Starting summer 2021, you’ll also be able to find them at Smorgasburg, but until then, we made for you: The Infatuation’s Guide To Placing An Order At Little Fish.

  1. As soon as Little Fish announces a drop on Instagram, it’s go time. Set an alarm. No, set multiple alarms. We like to do a combination of once in the morning (just as a day-of reminder), another one five minutes before, then of course, at the time of the drop.

  2. Pray to Tyche, the Greek goddess of good fortune and prosperity.

  3. While you’re at it, throw in a prayer to Kronos (the Time titan), Demeter (agriculture), and whatever deity comes out of this Random Greek God Generator for extra measure.

  4. Once that third alarm dings, head straight to Little Fish’s link in bio, where you’ll find their order form. Do not dilly dally, do not pass GO, do not collect $200.

  5. Make sure you have your credit card ready, if not preloaded onto your phone. It’s a small change that’ll make a huge difference, time-wise, especially when seconds become precious in the great race to place an order.

  6. [IF YOU SECURED A TICKET, MOVE ON TO STEP 7] So, you didn’t make the cut. That’s alright! There will always be other drops in the future. But maybe try to set more alarms next time?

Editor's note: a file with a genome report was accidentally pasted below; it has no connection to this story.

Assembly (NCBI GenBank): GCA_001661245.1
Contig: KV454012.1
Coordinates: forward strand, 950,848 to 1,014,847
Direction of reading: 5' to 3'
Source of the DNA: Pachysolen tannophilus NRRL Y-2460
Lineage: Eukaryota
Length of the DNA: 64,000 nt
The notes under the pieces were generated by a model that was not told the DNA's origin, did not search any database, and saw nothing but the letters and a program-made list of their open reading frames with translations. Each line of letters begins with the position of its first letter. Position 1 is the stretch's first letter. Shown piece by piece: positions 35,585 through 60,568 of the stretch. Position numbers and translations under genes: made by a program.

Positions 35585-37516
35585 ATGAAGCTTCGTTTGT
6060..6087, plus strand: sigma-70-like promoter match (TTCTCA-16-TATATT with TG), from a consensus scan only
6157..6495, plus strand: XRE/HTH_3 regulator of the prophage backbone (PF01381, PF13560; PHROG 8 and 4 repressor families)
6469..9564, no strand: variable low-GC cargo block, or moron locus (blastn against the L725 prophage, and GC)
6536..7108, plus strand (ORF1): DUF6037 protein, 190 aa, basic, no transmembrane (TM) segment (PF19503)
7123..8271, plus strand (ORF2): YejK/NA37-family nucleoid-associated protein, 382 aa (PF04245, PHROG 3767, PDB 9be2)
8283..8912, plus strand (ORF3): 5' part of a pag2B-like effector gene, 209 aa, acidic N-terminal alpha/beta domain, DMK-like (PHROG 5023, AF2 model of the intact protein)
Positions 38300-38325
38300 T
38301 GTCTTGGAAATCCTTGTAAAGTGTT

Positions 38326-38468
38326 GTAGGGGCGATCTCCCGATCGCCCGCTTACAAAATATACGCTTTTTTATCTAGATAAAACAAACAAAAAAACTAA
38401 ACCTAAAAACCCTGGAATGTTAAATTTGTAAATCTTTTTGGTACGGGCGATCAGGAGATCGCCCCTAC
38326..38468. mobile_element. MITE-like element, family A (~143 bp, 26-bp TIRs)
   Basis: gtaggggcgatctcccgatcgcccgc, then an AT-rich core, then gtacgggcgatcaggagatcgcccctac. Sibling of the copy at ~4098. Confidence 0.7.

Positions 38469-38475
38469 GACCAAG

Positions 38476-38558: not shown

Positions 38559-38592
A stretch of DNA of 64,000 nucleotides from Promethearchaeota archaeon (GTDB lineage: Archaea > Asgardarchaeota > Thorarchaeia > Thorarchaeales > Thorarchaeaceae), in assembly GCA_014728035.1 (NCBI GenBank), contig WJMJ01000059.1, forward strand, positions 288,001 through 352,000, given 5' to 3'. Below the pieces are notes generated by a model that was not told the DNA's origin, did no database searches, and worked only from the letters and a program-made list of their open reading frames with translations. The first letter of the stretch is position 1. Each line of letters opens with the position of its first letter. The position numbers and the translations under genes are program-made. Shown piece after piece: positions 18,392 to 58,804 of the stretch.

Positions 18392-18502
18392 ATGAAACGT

7. We’re in. Congrats, you did it. All your training paid off and you’ve got a one-way ticket to the coolest party in town. We’d be lying if we said we weren’t a little proud.

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Food Rundown

Little Fish review image

photo credit: Jakob Layman

Fried Fish Sandwich

If you’re not getting this, you’re doing something wrong. No, seriously – how did you even put in an order? It’s literally the only thing on the menu. The fish has an almost-airy texture, having undergone a long process including koji-curing, a dip in their signature batter (made of beer, two types of flour, and vodka), then a vigorous deep fry. To not get the fried fish sandwich here is like telling your best friend that you’re going to their house, them getting really excited and cleaning the whole place for you, then just driving by and waving from your window. It’s not illegal, per se, but what the hell? Just order the sandwich.

Little Fish review image

photo credit: Jakob Layman

Assorted Side Dishes

Little Fish’s menu changes week-to-week. Many of these were created for their previous pop-up at Melody in Virgil Village, including grilled broccolini, fluffernutter sandwiches, and a beautiful kanpachi crudo covered in pine nuts.

Little Fish review image

photo credit: Jakob Layman

Grilled Broccolini

A limited-edition greens dish, covered in a spicy glaze made with currants, chili, and hazelnuts.

Little Fish review image

photo credit: Jakob Layman

Kanpachi Crudo

Beautiful kanpachi crudo! Covered in verjus and tiny little pine nuts.

Little Fish review image

photo credit: Jakob Layman

Unreleased Fluffernutter Sandwich

We never got to see this sandwich out in the wild, but the simple dish is made purely of bread, a little marshmallow, and a scoop of peanut butter.